AH: What kind of feedback have you gotten? Do you feel that you are making a difference in these young people's lives?
KL: I know I'm making a difference. I hear from the kids, and I'm making a difference. And it’s not just kids. It’s anybody. That is the magic about books. I'm just delivering the book to you. I could never write as well as Richard Wright. I could never write as well as James Baldwin, Malcolm X. And I don’t have to, because they've already done that work.
My hardest hurdle was getting into these spaces, because, of course, I'm on death row. It's not like a ringing endorsement. ‘We got a guy on death row that wants to engage with your children.’ But I have a track record, too, of rolling out this program. And I've taught in several colleges in Youngstown and in New York, for what’s called Prison Experience class.
Literacy is really the thing, the key, that unlocked my whole life for me. Going back to slavery, it was a crime punishable by death to teach slaves how to read. Why is that? Why was that so much of a threat? But I talk to young people about that. They said we were subpar, subhuman, that we were basically animals who could walk upright. That was the only thing that distinguished us from animals, the fact that we can walk on two feet. That, according to the people who were oppressing us, was the only miracle, that we could walk. But we didn't have the brains, according to them, to understand. And yet they had laws written into the penal code, that it was against the law to teach these people how to read. So, if you believe what you said about our inherent inferiority, why would you need a law?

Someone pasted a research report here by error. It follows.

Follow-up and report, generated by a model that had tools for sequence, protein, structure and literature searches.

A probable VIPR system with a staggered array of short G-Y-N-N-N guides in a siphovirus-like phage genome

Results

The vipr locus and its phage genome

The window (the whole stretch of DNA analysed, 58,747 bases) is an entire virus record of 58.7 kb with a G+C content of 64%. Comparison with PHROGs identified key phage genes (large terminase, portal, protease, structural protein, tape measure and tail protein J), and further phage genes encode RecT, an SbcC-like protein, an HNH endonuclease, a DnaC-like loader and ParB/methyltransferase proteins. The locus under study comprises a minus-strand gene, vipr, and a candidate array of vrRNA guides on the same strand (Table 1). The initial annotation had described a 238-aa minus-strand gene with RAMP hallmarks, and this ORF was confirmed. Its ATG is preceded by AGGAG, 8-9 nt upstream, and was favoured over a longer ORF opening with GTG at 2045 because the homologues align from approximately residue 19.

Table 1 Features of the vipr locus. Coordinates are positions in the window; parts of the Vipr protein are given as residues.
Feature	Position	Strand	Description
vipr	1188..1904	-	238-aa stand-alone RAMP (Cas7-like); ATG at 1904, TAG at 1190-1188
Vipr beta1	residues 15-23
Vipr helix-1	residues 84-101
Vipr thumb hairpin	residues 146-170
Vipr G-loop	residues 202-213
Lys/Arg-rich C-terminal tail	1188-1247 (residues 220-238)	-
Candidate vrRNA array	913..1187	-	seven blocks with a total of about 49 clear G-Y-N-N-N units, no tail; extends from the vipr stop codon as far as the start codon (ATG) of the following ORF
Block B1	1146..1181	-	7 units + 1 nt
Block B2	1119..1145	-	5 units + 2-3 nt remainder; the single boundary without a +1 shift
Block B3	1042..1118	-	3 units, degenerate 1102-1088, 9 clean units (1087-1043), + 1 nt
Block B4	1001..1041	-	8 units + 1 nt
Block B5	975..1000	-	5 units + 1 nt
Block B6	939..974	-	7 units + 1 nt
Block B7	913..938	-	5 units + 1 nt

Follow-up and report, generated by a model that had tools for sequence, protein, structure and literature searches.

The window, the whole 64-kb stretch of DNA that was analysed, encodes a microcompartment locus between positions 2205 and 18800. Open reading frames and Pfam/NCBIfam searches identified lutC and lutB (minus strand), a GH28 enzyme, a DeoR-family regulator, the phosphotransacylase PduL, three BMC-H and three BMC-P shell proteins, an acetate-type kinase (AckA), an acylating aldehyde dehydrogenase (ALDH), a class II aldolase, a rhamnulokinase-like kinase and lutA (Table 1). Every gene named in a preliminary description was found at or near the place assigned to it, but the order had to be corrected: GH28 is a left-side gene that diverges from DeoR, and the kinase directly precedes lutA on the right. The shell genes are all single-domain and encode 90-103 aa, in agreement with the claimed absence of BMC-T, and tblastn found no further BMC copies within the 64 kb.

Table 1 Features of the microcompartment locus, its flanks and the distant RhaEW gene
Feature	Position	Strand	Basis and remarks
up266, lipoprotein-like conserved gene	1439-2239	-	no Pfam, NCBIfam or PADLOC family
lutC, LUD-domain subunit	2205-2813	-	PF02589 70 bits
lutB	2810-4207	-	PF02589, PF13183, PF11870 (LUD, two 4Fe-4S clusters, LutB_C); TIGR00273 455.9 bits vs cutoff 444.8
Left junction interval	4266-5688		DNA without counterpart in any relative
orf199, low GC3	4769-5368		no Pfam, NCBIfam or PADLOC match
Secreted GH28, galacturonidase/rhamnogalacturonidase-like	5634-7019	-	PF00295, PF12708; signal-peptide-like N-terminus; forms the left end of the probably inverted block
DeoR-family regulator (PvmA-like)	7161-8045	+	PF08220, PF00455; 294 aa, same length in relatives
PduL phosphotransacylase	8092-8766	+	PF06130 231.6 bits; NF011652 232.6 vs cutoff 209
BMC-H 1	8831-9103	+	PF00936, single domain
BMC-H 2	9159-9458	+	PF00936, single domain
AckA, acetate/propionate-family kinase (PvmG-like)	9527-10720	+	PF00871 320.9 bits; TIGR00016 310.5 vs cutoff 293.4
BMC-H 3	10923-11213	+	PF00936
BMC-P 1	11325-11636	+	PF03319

I figured it out that this was all engineered and fashioned to deliver us to exactly where we are. That’s the thing that really infuriates me, that this is the place that you always intended us to be. Now that we're here, you can sit back and you can gloat. It’s really sad.
Alessandra Harris is author of two novels and is a wife, mother of four, and co-founder of BCM. She earned degrees in Comparative Religious studies and Middle East Studies and currently studies in the Diocese of San Jose's Institute for Leadership in Ministry. She has also contributed to publications such as America Magazine, Grotto Network, and US Catholic. Her third novel is due in 2022.